Writers David Teague, Roger Ross Williams fashion a loving portrait of a gay athlete and pioneer Saúl Armendáriz with their new film Cassandro that enjoyed a recent premiere at the Sundance Film Festival. portrayed with expected tenderness by Gael García Bernal, who also serves as a producer, Cassandro is the story of an outsider who finds his path to glory despite seemingly insurmountable odds. The story is one we have seen before but one that is worthy of consideration owing to its message of perseverence and Bernal’s empassioned performance.
The film opens as Saúl crosses from El Paso into a Mexican border town to perform as luchador, El Topo. After yet another match ending in defeat, Saúl decides to develop a new persona. Seeking the training of local wrestling coach Sabrina (Roberta Colindrez), it becomes apparent that Saul should embrace who is is and perform as an Exotico. Dressing in drag and trapsing around the ring as a gay sterotype, Exoticos are often the target of jokes and defeat. However, Saúl wants to be a symbol of empowerment.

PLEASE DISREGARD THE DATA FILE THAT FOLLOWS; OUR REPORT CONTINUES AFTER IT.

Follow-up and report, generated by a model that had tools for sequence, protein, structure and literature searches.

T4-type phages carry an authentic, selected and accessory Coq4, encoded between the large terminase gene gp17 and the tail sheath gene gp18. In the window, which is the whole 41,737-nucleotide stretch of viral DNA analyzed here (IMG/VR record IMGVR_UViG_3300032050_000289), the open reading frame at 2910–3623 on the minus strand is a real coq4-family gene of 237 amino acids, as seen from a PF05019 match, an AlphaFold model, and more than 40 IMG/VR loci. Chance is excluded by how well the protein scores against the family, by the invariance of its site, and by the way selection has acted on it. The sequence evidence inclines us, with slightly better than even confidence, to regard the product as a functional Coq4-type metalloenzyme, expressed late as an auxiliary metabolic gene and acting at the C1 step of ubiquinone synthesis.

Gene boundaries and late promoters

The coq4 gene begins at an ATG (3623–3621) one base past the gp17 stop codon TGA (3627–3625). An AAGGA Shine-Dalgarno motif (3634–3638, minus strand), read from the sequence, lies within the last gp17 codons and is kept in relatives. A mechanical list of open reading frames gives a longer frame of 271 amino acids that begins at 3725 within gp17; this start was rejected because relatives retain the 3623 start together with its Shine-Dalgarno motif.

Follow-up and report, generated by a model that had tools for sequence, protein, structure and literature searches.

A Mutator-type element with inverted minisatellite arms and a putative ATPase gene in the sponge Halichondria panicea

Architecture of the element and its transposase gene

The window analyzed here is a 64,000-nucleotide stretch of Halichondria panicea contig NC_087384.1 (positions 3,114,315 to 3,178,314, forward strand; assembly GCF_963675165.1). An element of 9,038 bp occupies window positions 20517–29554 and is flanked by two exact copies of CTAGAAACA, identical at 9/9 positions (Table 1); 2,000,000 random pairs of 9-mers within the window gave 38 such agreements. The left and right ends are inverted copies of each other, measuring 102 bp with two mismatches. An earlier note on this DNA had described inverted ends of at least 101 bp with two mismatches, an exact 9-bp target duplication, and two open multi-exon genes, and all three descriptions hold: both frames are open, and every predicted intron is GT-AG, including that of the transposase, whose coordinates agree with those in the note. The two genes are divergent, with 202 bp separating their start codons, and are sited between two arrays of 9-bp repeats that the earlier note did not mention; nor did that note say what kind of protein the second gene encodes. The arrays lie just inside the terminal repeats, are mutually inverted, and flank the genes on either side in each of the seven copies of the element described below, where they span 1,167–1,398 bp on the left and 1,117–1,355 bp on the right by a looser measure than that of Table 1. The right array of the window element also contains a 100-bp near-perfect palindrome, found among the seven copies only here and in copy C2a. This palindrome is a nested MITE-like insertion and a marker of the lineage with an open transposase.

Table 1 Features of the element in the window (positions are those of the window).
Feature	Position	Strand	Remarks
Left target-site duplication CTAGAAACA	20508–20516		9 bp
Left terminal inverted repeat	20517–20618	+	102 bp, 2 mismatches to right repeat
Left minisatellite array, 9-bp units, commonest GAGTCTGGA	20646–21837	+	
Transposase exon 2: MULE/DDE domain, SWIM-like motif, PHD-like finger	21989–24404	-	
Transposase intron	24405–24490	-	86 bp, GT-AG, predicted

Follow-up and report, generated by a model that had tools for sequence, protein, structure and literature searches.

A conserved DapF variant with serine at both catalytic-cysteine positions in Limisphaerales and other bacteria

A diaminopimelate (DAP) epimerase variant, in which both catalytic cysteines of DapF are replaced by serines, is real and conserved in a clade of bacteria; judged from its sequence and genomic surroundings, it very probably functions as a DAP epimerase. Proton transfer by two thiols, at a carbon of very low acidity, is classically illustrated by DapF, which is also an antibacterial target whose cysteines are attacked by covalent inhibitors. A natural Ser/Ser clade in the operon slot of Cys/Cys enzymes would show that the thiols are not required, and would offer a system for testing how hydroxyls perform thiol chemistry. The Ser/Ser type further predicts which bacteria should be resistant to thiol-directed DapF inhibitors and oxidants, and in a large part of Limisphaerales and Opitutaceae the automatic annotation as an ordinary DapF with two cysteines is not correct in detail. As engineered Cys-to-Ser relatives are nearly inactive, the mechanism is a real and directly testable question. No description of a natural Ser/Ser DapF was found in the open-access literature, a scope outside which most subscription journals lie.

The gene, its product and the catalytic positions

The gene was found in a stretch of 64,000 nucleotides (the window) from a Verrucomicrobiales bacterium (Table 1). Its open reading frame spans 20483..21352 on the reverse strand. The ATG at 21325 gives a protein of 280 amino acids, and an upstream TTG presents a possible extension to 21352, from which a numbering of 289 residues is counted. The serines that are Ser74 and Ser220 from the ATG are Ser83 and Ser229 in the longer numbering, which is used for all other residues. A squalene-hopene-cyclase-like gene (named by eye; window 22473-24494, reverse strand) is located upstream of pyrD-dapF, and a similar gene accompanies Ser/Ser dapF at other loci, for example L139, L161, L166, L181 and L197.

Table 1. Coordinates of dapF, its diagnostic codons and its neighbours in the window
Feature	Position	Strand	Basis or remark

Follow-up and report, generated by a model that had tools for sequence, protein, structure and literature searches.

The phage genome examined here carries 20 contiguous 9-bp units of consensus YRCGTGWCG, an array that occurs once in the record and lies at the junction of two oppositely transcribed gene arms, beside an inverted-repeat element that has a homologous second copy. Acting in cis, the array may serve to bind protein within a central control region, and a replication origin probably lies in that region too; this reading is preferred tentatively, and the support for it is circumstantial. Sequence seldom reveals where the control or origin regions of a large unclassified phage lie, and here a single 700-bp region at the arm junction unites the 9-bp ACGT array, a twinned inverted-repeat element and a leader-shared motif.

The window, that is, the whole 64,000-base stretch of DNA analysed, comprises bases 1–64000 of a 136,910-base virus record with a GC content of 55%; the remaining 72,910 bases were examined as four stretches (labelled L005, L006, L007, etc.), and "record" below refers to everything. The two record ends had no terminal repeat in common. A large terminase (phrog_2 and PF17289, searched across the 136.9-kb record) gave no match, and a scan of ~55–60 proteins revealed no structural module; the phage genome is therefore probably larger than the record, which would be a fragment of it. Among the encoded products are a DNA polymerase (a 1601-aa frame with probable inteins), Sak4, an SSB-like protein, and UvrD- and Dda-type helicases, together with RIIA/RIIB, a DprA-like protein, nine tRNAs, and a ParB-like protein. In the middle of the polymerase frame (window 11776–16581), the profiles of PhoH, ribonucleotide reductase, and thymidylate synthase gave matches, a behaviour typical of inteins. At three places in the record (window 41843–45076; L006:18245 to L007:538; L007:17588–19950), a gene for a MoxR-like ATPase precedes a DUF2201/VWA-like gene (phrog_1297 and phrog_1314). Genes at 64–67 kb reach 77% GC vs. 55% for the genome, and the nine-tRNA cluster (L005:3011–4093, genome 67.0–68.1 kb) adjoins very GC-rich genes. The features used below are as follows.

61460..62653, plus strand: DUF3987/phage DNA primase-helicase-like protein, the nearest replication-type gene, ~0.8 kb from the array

Rising through the ranks Saúl meets smarmy, yet sympathetic businessman Lorenzo (Joaquín Cosio) who sees the potential to build an empire with this new character.
In the face of the toxic masculinity rampant in the wrestling world Cassandro defies the odds and begins to command respect and a following. All the while though, his private life is another struggle. Raised by a single mother as his father’s nasty secret, Saúl struggles to prove himself to the world. Making matters worse, Saúl is in love with married wrestler Gerardo (Raúl Castillo) who also treats him like a hidden shame.
Co-writer and director Roger Ross Williams crafts an intimate protrait of a lonely icon. While the script hits the quick personal moments well, there is a certain lack of build up to the major moments of Cassandro’s trailblaizing career. We understand he is lonely, ridiculed, and pelted with homophoic epethits every time he enters the ring. We get it that he will never be able to openly love the man that he sleeps with behind closed doors when the family is away. We even see that Saúl is fighting to be a part of a world that would rather use him as a punching bag than celebrate him as a hero. But aside from seeing these conditions, nothing much seems to really get in the way of Saúl’s dreams of stardom.
This is Bernal‘s movie through and through. His nuanced performance as Saúl Armendáriz fills in the seemingly unwritten textures of Armendáriz’s real life struggles. He carries the movie on his facial expressions alone, but thankfully there are other remarkable performances thorughout including Colindrez’s Sabrina who is a stalwart coach and friend.
A worthy celebration of a gay icon and pioneer, Cassandro plays it safe but still tells an inspiring story.
Cassandro – 7/10